Communications as a key weapon in tackling COVID-19 falsehoods | Daniel Reynolds

Daniel Reynolds

Daniel Reynolds outlines how the NHS Confederation's #CovidEmergency campaign is combatting the misinformation about COVID-19 that is damaging NHS morale and risking public health.. 

We continue to be in the highest COVID-19 alert level. While the lockdown restrictions are beginning to stem the tide, we know there is still a material risk of some NHS services being overwhelmed. 

Despite this, we continue to face a vocal minority of commentators who believe the threat from the virus is overplayed. This has manifested itself in falsehoods appearing on some national broadcast outlets, with social media being used to amplify a dangerous rhetoric. We know these falsehoods are damaging the morale of NHS staff and, at worst, could encourage some members of the public to choose not to adhere to the lockdown restrictions.

#CovidEmergency

As the membership organisation that brings together, supports, and speaks on behalf of all healthcare organisations in England, Wales and Northern Ireland, the NHS confederation will use our platform to promote greater understanding and awareness of the severity of the challenge facing frontline services. 

n recent weeks we have intensified our response to those spreading falsehoods. In early January we launched our #CovidEmergency campaign, tackling sceptics head-on and standing in support of our members. The campaign is based on a few simple truths:

  • The COVID-19 emergency is real.
  • The extra demand on the NHS is real and rising.
  • This is unlike any ‘normal’ winter pressures the NHS has ever faced.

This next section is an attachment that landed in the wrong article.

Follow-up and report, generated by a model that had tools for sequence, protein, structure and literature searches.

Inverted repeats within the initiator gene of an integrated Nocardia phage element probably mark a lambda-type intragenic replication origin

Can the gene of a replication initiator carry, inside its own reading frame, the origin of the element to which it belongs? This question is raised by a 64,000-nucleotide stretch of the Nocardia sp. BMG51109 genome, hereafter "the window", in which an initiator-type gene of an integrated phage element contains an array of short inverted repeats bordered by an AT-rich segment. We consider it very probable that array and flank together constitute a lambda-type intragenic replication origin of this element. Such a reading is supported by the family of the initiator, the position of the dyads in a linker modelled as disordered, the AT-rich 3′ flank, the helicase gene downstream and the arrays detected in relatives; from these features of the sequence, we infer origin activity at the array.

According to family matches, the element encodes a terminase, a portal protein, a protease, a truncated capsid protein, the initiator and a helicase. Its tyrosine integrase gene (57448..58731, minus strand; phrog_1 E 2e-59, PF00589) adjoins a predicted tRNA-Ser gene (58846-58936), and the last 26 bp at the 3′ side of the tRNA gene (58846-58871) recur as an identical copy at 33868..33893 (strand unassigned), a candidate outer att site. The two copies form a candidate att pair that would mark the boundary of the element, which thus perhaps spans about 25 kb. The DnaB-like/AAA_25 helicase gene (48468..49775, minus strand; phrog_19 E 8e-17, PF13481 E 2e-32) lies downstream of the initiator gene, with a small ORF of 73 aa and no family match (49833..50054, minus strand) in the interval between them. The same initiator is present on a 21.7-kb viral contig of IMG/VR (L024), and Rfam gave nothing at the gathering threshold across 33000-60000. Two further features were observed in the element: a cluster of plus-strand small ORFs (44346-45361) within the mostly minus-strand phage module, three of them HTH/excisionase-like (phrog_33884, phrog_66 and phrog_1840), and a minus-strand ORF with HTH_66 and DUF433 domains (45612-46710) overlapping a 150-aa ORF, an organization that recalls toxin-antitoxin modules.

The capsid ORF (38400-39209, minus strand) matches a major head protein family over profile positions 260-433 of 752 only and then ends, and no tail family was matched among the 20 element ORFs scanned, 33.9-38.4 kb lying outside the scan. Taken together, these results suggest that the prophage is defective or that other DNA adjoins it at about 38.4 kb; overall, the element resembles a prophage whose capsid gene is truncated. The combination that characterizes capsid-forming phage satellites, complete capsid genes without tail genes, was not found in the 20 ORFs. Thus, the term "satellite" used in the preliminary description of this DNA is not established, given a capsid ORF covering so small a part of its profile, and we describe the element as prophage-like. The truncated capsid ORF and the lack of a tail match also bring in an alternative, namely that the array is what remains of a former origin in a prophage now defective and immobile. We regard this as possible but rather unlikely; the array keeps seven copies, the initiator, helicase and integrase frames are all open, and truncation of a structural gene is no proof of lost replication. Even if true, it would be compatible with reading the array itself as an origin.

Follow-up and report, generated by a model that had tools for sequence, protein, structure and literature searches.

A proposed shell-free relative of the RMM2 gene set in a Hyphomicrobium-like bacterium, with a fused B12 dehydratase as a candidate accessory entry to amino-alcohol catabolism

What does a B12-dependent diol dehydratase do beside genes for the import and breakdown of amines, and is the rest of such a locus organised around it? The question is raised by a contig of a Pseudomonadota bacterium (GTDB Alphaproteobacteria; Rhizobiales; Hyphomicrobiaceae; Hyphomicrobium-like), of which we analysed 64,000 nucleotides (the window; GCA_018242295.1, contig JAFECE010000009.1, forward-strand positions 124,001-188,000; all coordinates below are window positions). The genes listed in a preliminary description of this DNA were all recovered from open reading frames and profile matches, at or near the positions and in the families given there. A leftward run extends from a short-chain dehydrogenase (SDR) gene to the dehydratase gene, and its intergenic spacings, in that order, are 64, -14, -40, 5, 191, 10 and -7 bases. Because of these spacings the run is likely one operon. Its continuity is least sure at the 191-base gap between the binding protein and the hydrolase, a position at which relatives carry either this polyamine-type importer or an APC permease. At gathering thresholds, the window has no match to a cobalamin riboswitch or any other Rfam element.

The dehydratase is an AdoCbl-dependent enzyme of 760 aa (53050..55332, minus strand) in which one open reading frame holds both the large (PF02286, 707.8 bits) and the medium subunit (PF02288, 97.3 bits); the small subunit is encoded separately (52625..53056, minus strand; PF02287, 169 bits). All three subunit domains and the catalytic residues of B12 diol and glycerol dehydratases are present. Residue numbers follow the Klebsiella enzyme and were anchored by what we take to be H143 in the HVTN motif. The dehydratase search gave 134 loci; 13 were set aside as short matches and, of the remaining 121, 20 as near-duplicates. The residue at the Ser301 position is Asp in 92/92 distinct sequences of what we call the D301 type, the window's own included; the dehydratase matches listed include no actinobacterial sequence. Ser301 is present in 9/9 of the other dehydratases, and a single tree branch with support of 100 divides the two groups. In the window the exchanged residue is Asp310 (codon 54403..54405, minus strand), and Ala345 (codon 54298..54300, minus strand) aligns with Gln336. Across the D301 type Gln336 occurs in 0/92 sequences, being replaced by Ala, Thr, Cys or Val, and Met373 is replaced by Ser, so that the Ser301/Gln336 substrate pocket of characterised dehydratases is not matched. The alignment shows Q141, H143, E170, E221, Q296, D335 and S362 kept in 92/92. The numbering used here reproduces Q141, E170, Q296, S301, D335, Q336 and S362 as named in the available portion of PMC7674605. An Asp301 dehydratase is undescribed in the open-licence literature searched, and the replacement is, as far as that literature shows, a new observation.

Each week we have produced infographics, Twitter cards and other collateral that provide facts and figures on the severity of the challenge. We have shared them with communications teams in NHS organisations across the country and hope these are useful in your local work. 

Dangerous falsehoods

We continue to gather stories from our members to convey the sustained pressure they are under and how they are working in new ways to manage the pandemic. There has been a conscious attempt in recent weeks by NHS England and NHS Improvement and local NHS organisations to up the ante and ‘show don’t tell’ the public of what frontline services are up against.

Many of you will have seen the harrowing footage from the time that BBC reporter Clive Myrie has spent at The Royal London. In images that have been shown on prime-time TV and across the world, the powerful testimonies of patients and staff have struck a chord with the public. 

These images are being played out on a daily basis in critical care wards and other key services throughout the country. It should not take this access to help combat dangerous falsehoods. But these compelling stories are a key weapon in our armoury to help convince the public to continue to observe the restrictions and do all they can to stop the spread of the virus. 

We stand in support of our members working across hospital, community, mental health and ambulance trusts; primary care networks; clinical commissioning groups; and integrated care systems. They are playing a vital role in responding to the pandemic. The rising tide of disinformation and falsehoods do them a disservice and not only undermine their efforts and morale, but also risk public compliance with the lockdown restrictions. 

We will do all we can to promote greater understanding and awareness of the reality on the frontline.

Follow the campaign on Twitter via #CovidEmergency and access campaign materials on the #CovidEmergency web page.

Daniel Reynolds is director of communications at the NHS Confederation. You can follow Daniel on Twitter @DanielReynolds4

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